‘Where ya from?’ now an act of microaggression

By WND Staff

University of North Carolina at Chapel Hill
University of North Carolina at Chapel Hill

The University of North Carolina at Chapel Hill has released a new list of “microaggressions” posted on the employee forum website which are deemed offensive, including one’s choice of compliments, sports and vacations.

To help staff members avoid offense, the university recommends a “gender-neutral” dress code and to avoid using phrases like “husband/boyfriend.”

An editor’s note on the forum post specifies, “This blog post does not represent University policy. The piece was compiled from research and published scholarly works in response to Forum members’ interest in the topic of microaggressions.”

The post highlights the need to understand “implicit bias,” defined as “thoughts and feelings that occur independently of conscious intention, awareness, or control”; microaggressions occur when these internal thoughts manifest during interpersonal interactions.”

They further define microaggressions as “brief and commonplace daily verbal, behavioral, and environmental indignities, whether intentional or unintentional, that communicate hostile, derogatory, or negative racial, gender, sexual orientation and religious slights and insults to the target person or group.”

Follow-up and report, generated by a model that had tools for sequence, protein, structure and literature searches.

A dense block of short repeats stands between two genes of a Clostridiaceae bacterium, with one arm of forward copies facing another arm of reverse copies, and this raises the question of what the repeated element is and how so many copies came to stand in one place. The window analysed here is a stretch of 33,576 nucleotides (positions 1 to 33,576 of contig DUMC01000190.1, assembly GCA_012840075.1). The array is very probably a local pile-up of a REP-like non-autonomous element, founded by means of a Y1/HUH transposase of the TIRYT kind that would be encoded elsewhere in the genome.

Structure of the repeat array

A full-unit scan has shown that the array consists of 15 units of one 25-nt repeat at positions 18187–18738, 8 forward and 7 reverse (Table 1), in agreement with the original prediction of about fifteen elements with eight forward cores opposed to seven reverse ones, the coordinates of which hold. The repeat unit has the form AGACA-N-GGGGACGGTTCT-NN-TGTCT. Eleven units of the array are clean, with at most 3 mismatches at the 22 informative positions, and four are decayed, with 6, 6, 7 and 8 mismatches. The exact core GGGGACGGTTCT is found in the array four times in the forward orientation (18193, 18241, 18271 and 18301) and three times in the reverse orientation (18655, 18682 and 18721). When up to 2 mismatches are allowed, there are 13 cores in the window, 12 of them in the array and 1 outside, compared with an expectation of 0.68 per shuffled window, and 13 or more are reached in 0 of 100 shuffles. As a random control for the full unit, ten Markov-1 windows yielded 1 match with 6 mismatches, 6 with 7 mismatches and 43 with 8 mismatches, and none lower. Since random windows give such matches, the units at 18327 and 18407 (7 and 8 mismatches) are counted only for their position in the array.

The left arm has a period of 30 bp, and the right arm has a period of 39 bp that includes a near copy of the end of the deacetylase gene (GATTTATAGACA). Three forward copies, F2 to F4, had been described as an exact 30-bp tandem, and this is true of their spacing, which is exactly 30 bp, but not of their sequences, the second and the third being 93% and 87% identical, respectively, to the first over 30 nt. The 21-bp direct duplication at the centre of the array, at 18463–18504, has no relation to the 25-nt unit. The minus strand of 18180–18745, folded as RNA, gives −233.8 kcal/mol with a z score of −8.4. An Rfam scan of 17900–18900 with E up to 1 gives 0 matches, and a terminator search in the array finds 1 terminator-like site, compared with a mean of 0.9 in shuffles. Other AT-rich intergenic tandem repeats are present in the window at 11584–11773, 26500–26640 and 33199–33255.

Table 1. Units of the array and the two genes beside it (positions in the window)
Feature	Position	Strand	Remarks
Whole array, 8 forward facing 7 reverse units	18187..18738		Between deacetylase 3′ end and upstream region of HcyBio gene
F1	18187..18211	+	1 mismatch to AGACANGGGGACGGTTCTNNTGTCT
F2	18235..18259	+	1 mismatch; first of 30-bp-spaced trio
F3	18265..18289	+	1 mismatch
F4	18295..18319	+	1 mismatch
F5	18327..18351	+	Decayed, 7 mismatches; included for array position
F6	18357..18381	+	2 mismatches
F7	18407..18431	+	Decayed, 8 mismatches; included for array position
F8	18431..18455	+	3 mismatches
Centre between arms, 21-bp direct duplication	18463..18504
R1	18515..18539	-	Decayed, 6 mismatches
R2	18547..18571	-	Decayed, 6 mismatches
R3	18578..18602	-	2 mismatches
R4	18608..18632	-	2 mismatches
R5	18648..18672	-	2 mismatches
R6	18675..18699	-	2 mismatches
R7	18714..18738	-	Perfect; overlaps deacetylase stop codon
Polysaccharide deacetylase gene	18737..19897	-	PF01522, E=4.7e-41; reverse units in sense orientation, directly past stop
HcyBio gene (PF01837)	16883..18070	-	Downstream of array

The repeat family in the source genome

These “indignities” include complimenting a speaker on her footwear, using the terms “husband/boyfriend” or “wife/girlfriend” instead of “partner/spouse,” asking where someone is from, referencing Christmas vacation or suggesting a round of golf.

The site includes a list of actions and how they are interpreted through the lens of microaggression.

For example, “Having an office dress code that applies to men and women differently” is incorrect because it “assumes that your staff fits into one of two gender categories; can also be a violation of anti-discrimination policies.”

Addressing “trans people with incorrect gender pronouns, calling them by former names, inquiring about their ‘real’ identity, asking them to explain their gender identity, and denying or failing to acknowledge their pronouns, name, or identity” is offensive because it assumes “as a trans person, you are inferior to and less authentic than cisgender (non-trans) people.”